Forum: Ruby Error in method call - need help to understand

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C23bb4dc03aee6e2c5df9d07ef82cf64?d=identicon&s=25 Pritam Dey (pritamdey)
on 2013-03-19 02:33
I was trying to call a method as below:

$array = []
array_1 = %w(tuna salmon herring)
array_2 = %w(crow owl eagle dove)

def parser (*argument)
  argument.each do |item|
    $array << item
  end
end

parser (array_1,array_2)
$array.flatten!
puts $array

Error:
=====
D:/Rubyscript/My ruby learning days/Scripts/test.rb:13: syntax error, u
nexpected ',', expecting ')'
parser (array_1,array_2) # taking multiple arguments generates error
                ^

No I fixed the code by removing the space in the method call of parser
as below:

$array = []
array_1 = %w(tuna salmon herring)
array_2 = %w(crow owl eagle dove)

def parser (*argument)
  argument.each do |item|
    $array << item
  end
end

parser(array_1,array_2) # taking multiple arguments generates error
$array.flatten!
puts $array

Output:
=======
tuna
salmon
herring
crow
owl
eagle
dove

But in the first method why such `space` causes the errors to be thrown
up?
B31e7abd14f1ceb4c4957da08933c630?d=identicon&s=25 Josh Cheek (josh-cheek)
on 2013-03-19 02:51
(Received via mailing list)
On Mon, Mar 18, 2013 at 8:33 PM, Pritam Dey <lists@ruby-forum.com>
wrote:

> end
>                 ^
>     $array << item
> salmon
> Posted via http://www.ruby-forum.com/.
>

In Ruby, you do not have to use parens around a method. So `method(arg)`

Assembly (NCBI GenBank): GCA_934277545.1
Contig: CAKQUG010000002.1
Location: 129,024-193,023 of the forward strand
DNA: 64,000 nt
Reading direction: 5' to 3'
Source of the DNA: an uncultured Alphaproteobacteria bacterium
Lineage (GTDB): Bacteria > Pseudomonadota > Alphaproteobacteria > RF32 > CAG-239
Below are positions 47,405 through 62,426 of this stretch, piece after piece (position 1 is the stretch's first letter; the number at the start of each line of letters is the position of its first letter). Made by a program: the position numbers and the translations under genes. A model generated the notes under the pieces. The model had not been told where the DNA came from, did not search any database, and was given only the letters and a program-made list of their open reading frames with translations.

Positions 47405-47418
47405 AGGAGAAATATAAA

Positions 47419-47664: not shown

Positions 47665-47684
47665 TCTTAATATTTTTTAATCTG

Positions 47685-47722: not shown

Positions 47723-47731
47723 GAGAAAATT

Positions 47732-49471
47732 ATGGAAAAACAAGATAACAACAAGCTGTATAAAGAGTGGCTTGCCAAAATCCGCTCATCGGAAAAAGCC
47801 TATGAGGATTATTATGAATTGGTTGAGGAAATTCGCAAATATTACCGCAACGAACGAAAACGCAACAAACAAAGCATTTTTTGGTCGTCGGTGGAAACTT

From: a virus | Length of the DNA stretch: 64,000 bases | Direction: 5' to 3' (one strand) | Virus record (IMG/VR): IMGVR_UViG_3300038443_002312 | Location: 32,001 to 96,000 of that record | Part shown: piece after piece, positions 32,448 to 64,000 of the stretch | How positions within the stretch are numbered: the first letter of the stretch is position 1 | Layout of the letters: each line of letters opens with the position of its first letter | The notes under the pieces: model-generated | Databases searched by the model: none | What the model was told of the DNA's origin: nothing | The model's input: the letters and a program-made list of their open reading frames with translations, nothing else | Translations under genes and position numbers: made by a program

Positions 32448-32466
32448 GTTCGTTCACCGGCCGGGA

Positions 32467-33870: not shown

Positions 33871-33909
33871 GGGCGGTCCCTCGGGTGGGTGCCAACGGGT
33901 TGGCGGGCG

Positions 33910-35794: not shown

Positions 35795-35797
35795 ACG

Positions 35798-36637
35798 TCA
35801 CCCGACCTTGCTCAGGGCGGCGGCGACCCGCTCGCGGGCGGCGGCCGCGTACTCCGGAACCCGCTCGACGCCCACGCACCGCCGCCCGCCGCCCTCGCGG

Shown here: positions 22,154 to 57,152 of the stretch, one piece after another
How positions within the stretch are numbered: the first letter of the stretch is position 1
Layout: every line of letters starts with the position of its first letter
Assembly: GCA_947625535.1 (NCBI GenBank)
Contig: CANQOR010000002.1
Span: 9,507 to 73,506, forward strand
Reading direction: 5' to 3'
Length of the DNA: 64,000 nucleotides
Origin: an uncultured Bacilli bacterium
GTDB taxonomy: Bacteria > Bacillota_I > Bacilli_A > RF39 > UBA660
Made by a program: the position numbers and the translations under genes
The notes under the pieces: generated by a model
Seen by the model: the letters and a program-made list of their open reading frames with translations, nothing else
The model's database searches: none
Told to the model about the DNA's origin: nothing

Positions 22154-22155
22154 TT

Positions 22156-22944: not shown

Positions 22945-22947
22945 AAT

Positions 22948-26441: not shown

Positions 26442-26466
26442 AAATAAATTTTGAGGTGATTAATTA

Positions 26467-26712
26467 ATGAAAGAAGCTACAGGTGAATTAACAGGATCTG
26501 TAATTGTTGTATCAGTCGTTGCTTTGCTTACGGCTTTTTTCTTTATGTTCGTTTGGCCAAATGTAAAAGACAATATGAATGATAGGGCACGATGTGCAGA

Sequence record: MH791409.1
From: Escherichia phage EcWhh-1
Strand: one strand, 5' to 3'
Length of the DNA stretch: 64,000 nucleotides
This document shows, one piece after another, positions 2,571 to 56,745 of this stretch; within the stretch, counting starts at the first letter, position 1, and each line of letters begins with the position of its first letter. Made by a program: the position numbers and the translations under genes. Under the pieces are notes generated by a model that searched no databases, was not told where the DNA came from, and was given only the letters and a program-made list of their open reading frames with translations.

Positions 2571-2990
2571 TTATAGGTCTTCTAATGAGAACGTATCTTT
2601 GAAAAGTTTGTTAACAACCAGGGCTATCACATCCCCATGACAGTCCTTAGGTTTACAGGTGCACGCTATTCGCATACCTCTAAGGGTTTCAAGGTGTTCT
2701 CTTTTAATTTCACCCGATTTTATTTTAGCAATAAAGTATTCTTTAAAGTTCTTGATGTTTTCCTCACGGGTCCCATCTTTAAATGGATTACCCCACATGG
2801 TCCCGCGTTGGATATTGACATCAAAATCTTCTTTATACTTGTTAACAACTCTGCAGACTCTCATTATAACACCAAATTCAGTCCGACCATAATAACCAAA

can be written as `method arg`. Lets say arg was some expression, you
might want to put parens around it to make it clearer. `method (true &&
false)` which corresponds to `method((true && false))` So when you say
`parser (array_1, array_2)`, that becomes `parser((array_1,array_2))`
but
`(array_1, array2)` is not a valid expression in Ruby.

That is what is meant here (
http://stackoverflow.com/questions/15488899/how-to...)
when he says "Instead of treating array_1 and array_2 as args, it's
treating it as a parenthesized expression"

-Josh
F141ba99f29e55f02207f5488fe5ce95?d=identicon&s=25 Dave Aronson (Guest)
on 2013-03-19 17:29
(Received via mailing list)
To expand a bit on Josh Cheek's reply:

In general, get in the habit of not leaving a space before the opening
paren of a function call that uses parens.  That's what trips up the
parser and makes it think you're passing one malformed expression, not
multiple arguments.  This used to trip me up in my early days of Ruby,
because my standard coding style DID include a space there....

-Dave
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